NEW YORK - New York Gov. Andrew Cuomo's grip on power appeared increasingly threatened Thursday as a majority of state legislators called for his resignation and police in the state capital said they stood ready to investigate a groping allegation.
The Times Union of Albany reported Wednesday that an unidentified aide had claimed Cuomo reached under her shirt fondled her after summoning her to his official residence late last year. Cuomo said he never touched anyone inappropriately.
A lawyer for the governor said Thursday that she reported the allegation to police after the woman involved declined to do so herself.
Beth Garvey, the governor's acting counsel, said in a statement that as a matter of state policy, the woman who made the allegations was told she should contact her local police department.
"In this case the person is represented by counsel and when counsel confirmed the client did not want to make a report, the state notified the police department and gave them the attorney's information," Garvey said.
She said the state was obligated to do so under state law.
An Albany Police Department spokesperson, Steve Smith, didn't immediately return a message from The Associated Press seeking comment, but he told The New York Times police had reached out to a representative for the woman and offered their services.
The possible involvement of police comes as more lawmakers called on him to resign over alleged misconduct with women.
At least 121 members of the state Assembly and Senate have said publicly they believe Cuomo can no longer govern and should quit office now, according to a tally by The Associated Press. The count includes 65 Democrats and 56 Republicans.
Cuomo's support in the state Senate was especially thin. Roughly two thirds of its members have called for the Democrat's resignation, including Majority Leader Andrea Stewart-Cousins.
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The top Democrat in the state Assembly, Speaker Carl Heastie, on Thursday backed a plan for its judiciary committee to launch an impeachment investigation.
The committee can interview witnesses and subpoena documents and its inquiry could be wide-ranging: from alleged sexual misconduct to COVID-19 outbreaks at nursing homes. It won't interfere with a separate inquiry of sexual harassment allegations being conducted by state Attorney General Letitia James, according to Heastie and James.
"The legislature needs to determine for itself what the facts are," a member of the committee, Assemblyman Tom Abinanti, said. "For the people who want immediate impeachment, I think we say please be patient. The process is slow. This could be the next step."
In New York, the Assembly is the legislative house that could move to impeach Cuomo, who has faced multiple allegations that he made the workplace an uncomfortable place for young women with sexually suggestive remarks and behavior, including unwanted touching and a kiss.
"All of us are extremely disappointed," Assemblywoman Aileen Gunther, a Democrat representing Orange and Sullivan counties, told The Associated Press. "I think there's no room in the world right now for that kind of behavior. He should have known better."
Gunther on Thursday became the ninth Assembly Democrat saying they'd vote for impeachment, alongside at least 37 Republicans.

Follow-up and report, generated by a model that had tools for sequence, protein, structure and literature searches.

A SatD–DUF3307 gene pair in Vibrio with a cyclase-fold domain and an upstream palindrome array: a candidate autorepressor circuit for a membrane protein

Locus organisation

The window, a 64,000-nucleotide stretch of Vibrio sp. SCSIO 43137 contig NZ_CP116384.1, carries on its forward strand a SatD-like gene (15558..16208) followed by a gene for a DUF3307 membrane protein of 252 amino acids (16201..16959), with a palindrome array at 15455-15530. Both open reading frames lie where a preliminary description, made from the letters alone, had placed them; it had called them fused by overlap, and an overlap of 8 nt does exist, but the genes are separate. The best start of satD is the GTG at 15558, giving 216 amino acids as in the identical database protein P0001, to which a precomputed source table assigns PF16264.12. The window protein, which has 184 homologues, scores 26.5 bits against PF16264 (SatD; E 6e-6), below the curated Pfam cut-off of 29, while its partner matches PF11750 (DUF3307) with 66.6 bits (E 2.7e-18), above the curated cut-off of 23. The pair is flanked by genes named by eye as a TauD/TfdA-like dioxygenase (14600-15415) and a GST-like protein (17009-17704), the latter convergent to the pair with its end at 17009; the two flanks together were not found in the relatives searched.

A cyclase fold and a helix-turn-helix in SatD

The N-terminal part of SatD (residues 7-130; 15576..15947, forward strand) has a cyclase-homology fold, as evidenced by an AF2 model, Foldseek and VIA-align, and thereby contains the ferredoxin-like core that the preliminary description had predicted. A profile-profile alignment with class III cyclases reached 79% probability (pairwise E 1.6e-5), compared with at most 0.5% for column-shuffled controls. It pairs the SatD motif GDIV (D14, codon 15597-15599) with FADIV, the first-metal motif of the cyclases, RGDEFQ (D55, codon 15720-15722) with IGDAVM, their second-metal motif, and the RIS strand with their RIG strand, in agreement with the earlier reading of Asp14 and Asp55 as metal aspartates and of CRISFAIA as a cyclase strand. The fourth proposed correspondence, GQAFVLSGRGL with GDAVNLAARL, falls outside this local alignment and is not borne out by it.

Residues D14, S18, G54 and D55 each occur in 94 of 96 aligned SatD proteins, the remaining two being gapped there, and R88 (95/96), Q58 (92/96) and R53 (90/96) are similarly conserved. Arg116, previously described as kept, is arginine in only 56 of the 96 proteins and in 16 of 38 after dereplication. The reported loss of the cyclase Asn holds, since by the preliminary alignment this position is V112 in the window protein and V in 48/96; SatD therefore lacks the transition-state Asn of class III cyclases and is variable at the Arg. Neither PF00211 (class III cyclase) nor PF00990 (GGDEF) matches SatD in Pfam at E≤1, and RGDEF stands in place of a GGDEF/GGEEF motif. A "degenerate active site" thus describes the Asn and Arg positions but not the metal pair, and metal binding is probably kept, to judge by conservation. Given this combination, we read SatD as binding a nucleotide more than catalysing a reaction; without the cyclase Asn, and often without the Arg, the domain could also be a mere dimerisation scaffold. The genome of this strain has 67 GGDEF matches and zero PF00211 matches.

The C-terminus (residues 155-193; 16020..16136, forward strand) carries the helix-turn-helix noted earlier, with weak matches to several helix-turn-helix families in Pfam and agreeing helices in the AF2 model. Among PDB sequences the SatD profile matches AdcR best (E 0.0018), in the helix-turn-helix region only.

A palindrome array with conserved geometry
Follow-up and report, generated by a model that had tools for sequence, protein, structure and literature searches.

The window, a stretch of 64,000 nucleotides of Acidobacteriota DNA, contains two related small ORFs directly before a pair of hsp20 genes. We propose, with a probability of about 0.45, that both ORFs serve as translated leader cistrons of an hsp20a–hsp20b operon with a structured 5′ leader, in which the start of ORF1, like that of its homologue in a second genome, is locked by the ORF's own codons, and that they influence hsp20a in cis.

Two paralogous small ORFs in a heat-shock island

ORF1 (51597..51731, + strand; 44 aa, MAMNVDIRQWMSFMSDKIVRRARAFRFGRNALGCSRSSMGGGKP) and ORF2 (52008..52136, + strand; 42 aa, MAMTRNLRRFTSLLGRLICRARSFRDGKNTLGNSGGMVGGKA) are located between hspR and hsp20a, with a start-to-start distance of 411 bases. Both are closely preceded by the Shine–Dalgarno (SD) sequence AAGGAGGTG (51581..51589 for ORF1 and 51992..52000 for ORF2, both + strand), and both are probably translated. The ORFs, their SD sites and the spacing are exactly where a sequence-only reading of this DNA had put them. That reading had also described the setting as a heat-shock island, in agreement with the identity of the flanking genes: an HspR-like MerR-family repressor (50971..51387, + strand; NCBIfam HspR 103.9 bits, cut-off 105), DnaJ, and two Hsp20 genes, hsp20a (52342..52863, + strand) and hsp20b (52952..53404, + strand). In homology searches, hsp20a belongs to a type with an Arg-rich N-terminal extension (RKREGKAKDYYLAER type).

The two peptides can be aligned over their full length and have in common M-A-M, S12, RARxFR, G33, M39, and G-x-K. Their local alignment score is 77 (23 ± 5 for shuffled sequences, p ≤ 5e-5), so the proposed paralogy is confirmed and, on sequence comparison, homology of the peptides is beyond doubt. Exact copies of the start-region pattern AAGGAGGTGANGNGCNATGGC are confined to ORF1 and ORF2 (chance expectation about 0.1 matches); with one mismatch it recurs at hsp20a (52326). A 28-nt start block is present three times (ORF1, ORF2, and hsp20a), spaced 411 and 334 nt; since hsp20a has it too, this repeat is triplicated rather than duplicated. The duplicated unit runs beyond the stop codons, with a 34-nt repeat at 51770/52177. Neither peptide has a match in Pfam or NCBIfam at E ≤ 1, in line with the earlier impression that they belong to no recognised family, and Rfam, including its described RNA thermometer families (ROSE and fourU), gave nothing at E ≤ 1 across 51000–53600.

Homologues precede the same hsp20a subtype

Cuomo’s support in the state Senate was especially thin. Roughly two-thirds of its members have called for the Democrat’s resignation, including Majority Leader Andrea Stewart-Cousins.
A group of 59 Democratic state legislators, including 19 senators and 40 Assembly members said in a letter Thursday that it was time for Cuomo to go.
"In light of the Governor's admission of inappropriate behavior and the findings of altered data on nursing home COVID-19 deaths he has lost the confidence of the public and the state legislature, rendering him ineffective in this time of most urgent need," the letter said. "It is time for Governor Cuomo to resign."
Cuomo has repeatedly said he won't resign and urged the public to await the outcome of an investigation of his conduct by state Attorney General Letitia James. Cuomo's office didn't immediately respond to a request for comment Thursday.
While Cuomo has denied inappropriately touching anyone, he has apologized for comments he made to women staffers. He has said he was engaging in what he thought was playful banter and didn't realize it was making people uncomfortable.
In the newest allegation against Cuomo, the Times Union of Albany reported that the governor had summoned the aide to his Albany mansion, saying he needed help with his cellphone. After she arrived, Cuomo closed the door, reached under her shirt and fondled her, the newspaper reported.
The newspaper's reporting was based on an unidentified source with knowledge of the woman's accusation, who said she first told the story to someone on Cuomo's staff in recent days. The newspaper hadn't spoken to the woman and didn't identify her.
"I have never done anything like this," Cuomo said through a spokesperson Wednesday evening.
"The details of this report are gut-wrenching," Cuomo said, adding that he would not speak to the specifics of this or any other allegation, given an ongoing investigation overseen by the state attorney general.
Several other women who worked for the governor in Albany or during his time in former President Bill Clinton's Cabinet, and one who met him briefly at a wedding, have also accused Cuomo of inappropriate conduct.
The state Assembly has 150 members. It could convene an impeachment trial against Cuomo with a simple majority vote. Until the new allegations surfaced, most of its members appeared to be leaning against trying to convene an impeachment or demanding Cuomo's resignation until the attorney general's investigation was complete.
The state Senate, which would join with members of the state's top appeals court to hold an impeachment trial, has 63 members.